76. Mrs. Malory: Death of a Dean (also known as just Death of a Dean) - seventh in the Mrs. Malory series
by Hazel Holt
Oh, what a relief is it to read the Mrs. Malory books. Hazel Holt is a wonderful author who not only tells a good tale, but does so with really good writing. Her knowledge is vast, and I learn something new with each book. In this one, she quotes Pevsner in reference to a cathedral. There are also several references to various plays. Such things add enormously to a book, I think.
Her descriptions are sublime like this one of an office in the Deanery.
It was a largish room that also had stone walls and a vaulted ceiling. There was one large, arched window set in a massive stone frame, looking out onto the roof of the cloisters below. The whole tone of the room was medieval, ecclesiastical, monkish even, so it came as something of a shock to find that the main piece of furniture was a modern office desk on which reposed, as if on a shrine or altar, a very new, state-of-the-art computer.As I've mentioned before, one of the pleasures of reading cozy mysteries is that usually the murder victim is an utterly unpleasant person with rarely any friends or family who love him or her. That way, we readers can enjoy the detection work without even a pang of sadness for the victim! Occasionally, the person we know will be killed lives on for far too long, as in this book. The dean lives till page 107!
Another pleasure that often occurs in a cozy mystery is when the amateur detective is respected and even called upon by the 'real' detective or policeman who is investigating the case.
"I believe you are a friend of Inspector Eliot here at Taviscombe?"I feel this way when I'm watching television mysteries as well as reading books. I like to concentrate on the case at hand, and not get sidetracked by any infighting. I don't like it when a detective is antagonistic to someone who really is able to help and offer good information.
"Why yes," I said in some surprise. "He's married to my goddaughter."
"He tells me," the inspector continued, "that you have a very good eye for details and a very good idea about what makes people tick."
"Did he!" I exclaimed. "Goodness!"
"He said that you'd given him quite a lot of help on some of his cases, one way or another."
"Well, I did a bit, I suppose."
"I just thought," he said, "that if you do happen to notice anything, or if something occurs to you, then I'd be glad to hear from you ... "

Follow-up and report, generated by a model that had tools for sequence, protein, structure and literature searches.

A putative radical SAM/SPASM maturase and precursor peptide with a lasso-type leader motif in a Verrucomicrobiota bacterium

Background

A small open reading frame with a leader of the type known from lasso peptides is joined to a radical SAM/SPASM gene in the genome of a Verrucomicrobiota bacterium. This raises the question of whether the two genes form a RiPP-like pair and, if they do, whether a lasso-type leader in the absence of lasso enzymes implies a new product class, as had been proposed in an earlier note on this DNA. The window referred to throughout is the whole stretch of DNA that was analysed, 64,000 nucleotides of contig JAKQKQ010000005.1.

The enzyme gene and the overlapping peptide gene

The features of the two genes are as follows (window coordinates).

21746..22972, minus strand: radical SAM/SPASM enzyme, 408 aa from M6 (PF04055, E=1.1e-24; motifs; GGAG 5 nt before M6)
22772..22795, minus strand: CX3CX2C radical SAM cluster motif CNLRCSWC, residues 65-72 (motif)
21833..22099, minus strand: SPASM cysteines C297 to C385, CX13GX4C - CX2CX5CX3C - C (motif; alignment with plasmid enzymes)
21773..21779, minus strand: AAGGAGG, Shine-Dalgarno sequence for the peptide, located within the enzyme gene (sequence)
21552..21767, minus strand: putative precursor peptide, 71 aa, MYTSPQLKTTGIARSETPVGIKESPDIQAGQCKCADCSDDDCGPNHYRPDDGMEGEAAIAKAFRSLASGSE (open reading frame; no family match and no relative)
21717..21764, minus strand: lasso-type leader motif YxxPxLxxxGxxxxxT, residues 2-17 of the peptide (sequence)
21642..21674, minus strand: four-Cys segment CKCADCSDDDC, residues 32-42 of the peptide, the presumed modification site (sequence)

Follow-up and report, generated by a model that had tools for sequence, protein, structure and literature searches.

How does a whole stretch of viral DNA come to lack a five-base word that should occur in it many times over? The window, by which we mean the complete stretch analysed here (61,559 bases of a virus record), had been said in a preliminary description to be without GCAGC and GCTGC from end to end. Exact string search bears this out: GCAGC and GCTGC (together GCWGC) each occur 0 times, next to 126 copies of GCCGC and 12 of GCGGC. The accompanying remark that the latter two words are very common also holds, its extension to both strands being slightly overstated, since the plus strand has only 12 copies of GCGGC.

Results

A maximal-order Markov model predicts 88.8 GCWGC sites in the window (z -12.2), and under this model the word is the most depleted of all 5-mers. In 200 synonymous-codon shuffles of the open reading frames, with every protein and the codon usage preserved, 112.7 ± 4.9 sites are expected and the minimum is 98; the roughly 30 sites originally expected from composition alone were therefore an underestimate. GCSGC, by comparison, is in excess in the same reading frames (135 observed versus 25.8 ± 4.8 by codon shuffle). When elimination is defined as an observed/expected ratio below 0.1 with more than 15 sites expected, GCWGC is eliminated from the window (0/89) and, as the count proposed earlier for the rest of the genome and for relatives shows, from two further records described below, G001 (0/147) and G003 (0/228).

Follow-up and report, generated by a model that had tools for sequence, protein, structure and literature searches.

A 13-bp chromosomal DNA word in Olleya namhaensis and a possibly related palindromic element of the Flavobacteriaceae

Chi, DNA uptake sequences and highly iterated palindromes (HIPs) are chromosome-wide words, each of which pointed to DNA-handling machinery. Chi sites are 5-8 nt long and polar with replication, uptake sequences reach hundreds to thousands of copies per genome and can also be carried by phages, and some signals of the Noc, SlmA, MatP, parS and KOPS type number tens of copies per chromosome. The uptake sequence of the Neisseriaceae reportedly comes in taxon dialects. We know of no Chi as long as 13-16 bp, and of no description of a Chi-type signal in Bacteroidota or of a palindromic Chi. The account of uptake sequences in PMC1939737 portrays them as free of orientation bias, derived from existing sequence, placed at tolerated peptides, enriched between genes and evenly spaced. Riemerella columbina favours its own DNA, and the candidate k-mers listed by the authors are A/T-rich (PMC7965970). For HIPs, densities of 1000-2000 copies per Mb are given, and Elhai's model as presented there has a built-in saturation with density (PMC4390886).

Reading Mrs. Malory books is a bit like reading a long letter from a friend, telling of her adventures. I can imagine such things as this being noted in a newsy letter.
I was up about six-thirty the next morning. Both the dogs are getting old now and I like to let them out into the garden as early as possible.I don't know about you but I don't get many long letters anymore filled with such daily details, and I wish I did. Maybe if I wrote some, I would get some in return, but in the meantime, a book by Hazel Holt telling me of Mrs. Malory's life will suffice quite nicely.
I love street markets and am sad that so many nowadays consist merely of stalls of cheap clothing and cut-price household goods. Culminster market, though, I'm glad to say, retains much of its original charm and you can buy fresh vegetables with the red soil still clinging to them, local cheeses, lardy bread and the sort of heavenly fudge that you can positively feel destroying your teeth and bumping up your cholesterol level!
I had a bad night. For no apparent reason. Usually I sleep like a log, zonking straight out, my book often slipping from my hand and the light still on. ... I sat up in bed, put on the light and picked up my copy of North and South again. I read doggedly on for some time and gradually, soothed by the solid and familiar world of Mrs. Gaskell, I felt my lids grow heavy and slept at last.
Oh, and the case. Sheila Malory's actor friend David comes to stay with her for a while. He's having financial difficulties which may result in him losing his wonderful house in Stratford. His brother, Francis is the Dean of Culminster Cathedral, and though their relationship has not been a close one, and though Francis is a priggish, self-absorbed, demanding man, he hopes that perhaps this wealthy brother will help him out. When Francis dies, and it is found to be murder, David is a prime suspect. Mrs. Malory is positive her old friend couldn't have done it, and attempts to find out who really did the deed. There are many possibilities, including Francis' own wife and children, who have been under his thumb for years.
I loved this book, as indeed I do all the Mrs. Malory mysteries. I look forward to reading each book in the series, and then perhaps reading them all over again.